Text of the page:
Have You Heard of a Pearl Called Pallanza?




I hadn’t, not before last summer. We we’re wondering what to pair with the hiking trip to Matterhorn in Switzerland: key words for the search were Italian lakes, Italian food, sunshine and beautiful views. And, after some google maps and image browsing, Pallanza popped up! And what a delicious and pleasant little pearl by Lake Maggiore it turned out to be.

What made me fall for Pallanza? First, the extra wide jogging and cycling road, which follows the waterfront and leads to the next district, Verbania Intra. There was such proper road width reserved for the runners, so delightful! The morning run from Pallanza to Intra and back with a stop for some stretching, (catching one’s breath) and a water break took around 50 minutes. Our plan on the first morning was to enjoy espressos after the energizing run on the terrace of the café right next to our hotel, but this proved to be a utopian idea since we were sweating like two little piglets and the salt was stinging our eyes. But, anyhow, it was a good workout in a pretty setting.


What I also didn’t know beforehand was that Pallanza is quite the culinary hotspot. The stylish aperitivo in the lakeside garden of Ristorante Milano, the superb and nocturnal Spaghetti allo Scoglio (spaghetti with seafood) of La Tentazione by the market square (nocturnal because we are quite late eaters and their kitchen was open a bit past 9:30 pm), the rich ravioli of Ristorante Il Portale… Il Burchiello was also delicious but during the holiday season remember to book in advance.


And what would be sweeter for an Italian food lover than an Italian food festival taking place right outside our doorstep by the lake. It was sotto le stelle, a dinner and a gastronomic taste journey under the stars. You could buy the tickets either at the entrance or beforehand in the local restaurants. The long tables were covered with white tablecloths and flower compositions and there were candles placed in white paper bags waiting to be lit up after sunset. We got a stamp card with which we could get an apertitif, 5 different small dishes, two glasses of wine and a desert from the different stands of the local restaurants. A local elderly lady who apparently knew everyone in town was kindly pointing us towards the wine and food stands to ensure that we got the hang of it. The evening was tasty and bustling and a good gastronomic dive to the offerings of the district.



Pallanza has its own ferry stop and after some running and culinary delights I recommend you take a lake cruise to the islands (Isola Bella being the botanical crown jewel) and to the city of Stresa: a stroll by the beach promenade, marvelling at the extravagant luxury hotels, a cone of creamy pistachio ice cream, doing some bric-a-brac discoveries in the shops of the old town and sipping a strong espresso on the terrace before heading back to the boat, the components of a happy day trip.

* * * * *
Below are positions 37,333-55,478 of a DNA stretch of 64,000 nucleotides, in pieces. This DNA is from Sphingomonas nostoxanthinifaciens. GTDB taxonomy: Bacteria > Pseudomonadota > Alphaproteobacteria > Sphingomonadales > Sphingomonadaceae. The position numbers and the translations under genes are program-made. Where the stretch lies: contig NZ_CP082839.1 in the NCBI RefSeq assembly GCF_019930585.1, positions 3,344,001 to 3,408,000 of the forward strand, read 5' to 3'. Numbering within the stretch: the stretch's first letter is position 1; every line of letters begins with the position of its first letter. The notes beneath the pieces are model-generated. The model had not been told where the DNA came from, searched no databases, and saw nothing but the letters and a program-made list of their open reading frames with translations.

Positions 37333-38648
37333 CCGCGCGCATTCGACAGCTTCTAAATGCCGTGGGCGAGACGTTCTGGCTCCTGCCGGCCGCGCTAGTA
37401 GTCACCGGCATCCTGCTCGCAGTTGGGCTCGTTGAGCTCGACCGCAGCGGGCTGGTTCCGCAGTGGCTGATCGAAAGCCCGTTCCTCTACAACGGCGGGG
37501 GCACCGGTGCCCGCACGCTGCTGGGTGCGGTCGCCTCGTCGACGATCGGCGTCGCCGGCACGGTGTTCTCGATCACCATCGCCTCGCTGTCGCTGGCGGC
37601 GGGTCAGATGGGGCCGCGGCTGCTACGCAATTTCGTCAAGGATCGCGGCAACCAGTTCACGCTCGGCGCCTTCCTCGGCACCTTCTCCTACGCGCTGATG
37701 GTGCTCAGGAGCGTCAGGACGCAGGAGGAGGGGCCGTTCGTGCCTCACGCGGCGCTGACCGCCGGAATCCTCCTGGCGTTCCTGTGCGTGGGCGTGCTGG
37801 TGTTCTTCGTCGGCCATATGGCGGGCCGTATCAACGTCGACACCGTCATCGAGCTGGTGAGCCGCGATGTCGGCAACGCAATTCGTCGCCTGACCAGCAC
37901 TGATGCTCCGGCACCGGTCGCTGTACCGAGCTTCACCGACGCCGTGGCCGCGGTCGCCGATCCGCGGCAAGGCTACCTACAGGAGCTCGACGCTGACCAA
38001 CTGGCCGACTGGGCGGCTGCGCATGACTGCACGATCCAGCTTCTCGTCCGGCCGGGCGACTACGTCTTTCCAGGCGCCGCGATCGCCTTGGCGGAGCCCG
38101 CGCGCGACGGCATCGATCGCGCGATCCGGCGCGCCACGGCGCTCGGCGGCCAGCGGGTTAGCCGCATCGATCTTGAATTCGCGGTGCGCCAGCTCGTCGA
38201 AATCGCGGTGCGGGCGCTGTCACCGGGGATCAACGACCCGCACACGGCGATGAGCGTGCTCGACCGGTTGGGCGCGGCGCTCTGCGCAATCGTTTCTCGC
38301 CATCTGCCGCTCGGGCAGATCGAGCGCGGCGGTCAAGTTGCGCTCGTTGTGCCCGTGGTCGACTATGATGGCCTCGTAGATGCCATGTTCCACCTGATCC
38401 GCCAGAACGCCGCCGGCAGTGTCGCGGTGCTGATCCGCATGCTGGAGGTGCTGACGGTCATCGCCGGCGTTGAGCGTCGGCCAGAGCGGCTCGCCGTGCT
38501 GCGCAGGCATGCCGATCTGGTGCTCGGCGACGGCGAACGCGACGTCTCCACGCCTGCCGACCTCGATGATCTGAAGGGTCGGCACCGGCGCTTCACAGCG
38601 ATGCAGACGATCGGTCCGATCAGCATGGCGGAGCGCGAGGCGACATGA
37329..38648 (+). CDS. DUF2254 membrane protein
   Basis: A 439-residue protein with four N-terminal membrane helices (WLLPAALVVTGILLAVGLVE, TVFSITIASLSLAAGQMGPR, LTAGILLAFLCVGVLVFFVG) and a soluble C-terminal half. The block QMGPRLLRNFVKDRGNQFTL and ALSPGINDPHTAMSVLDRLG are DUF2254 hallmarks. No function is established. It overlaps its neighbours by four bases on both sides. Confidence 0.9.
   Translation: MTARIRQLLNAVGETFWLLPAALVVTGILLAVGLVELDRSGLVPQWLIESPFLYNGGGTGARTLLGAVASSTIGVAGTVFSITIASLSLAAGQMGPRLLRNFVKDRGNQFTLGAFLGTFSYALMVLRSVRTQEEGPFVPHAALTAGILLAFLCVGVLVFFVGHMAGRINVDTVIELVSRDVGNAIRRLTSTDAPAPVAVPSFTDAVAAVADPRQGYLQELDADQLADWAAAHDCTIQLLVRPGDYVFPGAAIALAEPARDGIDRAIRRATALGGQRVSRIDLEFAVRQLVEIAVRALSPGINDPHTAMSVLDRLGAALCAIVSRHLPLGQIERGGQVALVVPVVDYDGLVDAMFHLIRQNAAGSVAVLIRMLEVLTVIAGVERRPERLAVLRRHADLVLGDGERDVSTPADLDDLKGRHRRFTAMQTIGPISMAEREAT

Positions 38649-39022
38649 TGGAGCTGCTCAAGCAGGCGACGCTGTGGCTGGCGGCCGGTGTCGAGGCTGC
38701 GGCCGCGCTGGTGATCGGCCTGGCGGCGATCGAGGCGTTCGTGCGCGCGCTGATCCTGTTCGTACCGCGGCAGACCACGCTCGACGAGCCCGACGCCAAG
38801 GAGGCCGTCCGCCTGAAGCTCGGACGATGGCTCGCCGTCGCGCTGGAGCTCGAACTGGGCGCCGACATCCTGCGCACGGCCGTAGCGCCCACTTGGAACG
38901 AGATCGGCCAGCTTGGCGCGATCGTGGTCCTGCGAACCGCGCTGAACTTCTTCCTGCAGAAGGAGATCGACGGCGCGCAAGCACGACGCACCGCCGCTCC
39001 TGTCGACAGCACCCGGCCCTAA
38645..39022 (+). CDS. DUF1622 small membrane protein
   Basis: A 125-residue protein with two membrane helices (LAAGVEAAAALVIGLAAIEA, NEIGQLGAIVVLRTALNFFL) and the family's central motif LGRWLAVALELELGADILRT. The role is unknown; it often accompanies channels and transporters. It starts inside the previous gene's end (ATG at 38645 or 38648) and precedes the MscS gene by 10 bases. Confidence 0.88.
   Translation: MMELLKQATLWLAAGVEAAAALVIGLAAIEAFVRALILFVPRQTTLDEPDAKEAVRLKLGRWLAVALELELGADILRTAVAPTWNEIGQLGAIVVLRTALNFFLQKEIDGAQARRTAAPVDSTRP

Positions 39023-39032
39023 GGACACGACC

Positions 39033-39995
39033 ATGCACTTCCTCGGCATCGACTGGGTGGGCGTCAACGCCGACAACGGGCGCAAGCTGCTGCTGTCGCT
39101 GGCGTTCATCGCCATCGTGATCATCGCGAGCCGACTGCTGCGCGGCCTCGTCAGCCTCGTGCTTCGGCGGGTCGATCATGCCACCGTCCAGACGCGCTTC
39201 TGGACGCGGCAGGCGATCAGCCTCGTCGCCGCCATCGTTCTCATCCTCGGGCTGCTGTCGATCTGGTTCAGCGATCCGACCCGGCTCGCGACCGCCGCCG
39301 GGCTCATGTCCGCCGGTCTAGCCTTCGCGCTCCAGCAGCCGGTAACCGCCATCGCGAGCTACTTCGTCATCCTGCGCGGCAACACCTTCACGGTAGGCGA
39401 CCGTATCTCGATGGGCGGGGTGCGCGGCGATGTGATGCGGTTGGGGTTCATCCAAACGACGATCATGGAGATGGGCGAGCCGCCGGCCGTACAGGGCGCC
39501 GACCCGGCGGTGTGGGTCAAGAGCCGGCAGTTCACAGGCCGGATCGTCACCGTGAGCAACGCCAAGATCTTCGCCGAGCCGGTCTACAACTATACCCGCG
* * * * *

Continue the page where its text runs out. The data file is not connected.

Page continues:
Isola Bella and its peacocks and unicorns


You know the feeling when you’ve had a small and futile argument with your special loved one about something utterly unnecessary and then you come to a place that is breathtakingly mesmerizing or beautiful and so skillful. The sun is shining, the warmth of the sweet summer day caresses your cheeks and the lake water sparkles as the sunrays dance on its surface. Very soon you come to realize that you really don’t want to lose any time from experiencing the beauty, the gorgeous day, the efforts of the gardener and moments of this life that we have. Perhaps a bit sappy but actually very true once you start thinking about it.

One place that has this effect is Isola Bella on Lake Maggiore in North of Italy. And in there particularly the blooming baroque garden of the Palazzo Borromeo.




The island got its name from Isabella D’Adda, the wife of Carlo Borromeo III, when the spectacular palace was built for the aristocratic family in the 1600s. The high rooms of the palazzo include for example the decorative Ballroom, the ornamental throne and the Sala di Napoleone where the French emperor stayed with his wife. Not to forget the numerous artworks from old masters, the ornate grand piano decorated with a painting even from the inside, the magnificent halls, the detailed ceilings and in the bottom floor the impressive grottoes, with walls made of pebbles and lava stone. The palace is still the summer home of the Borromeo family.


When we step outside to the palace gardens we see first the gallant white peacocks strutting on the green and well-attended lawn. They don’t care about the visitors but are wise enough to escape the sticky hands of an energetic toddler who sweeps past us reaching towards the fascinating white birds.


The gardens include well-kept verdant boulevards, tall obelisks, a unicorn statue, geometrically trimmed trees, many terraces, ponds with water lilies, a parrot house and the imposing Teatro Massimo. And a myriad of flowers.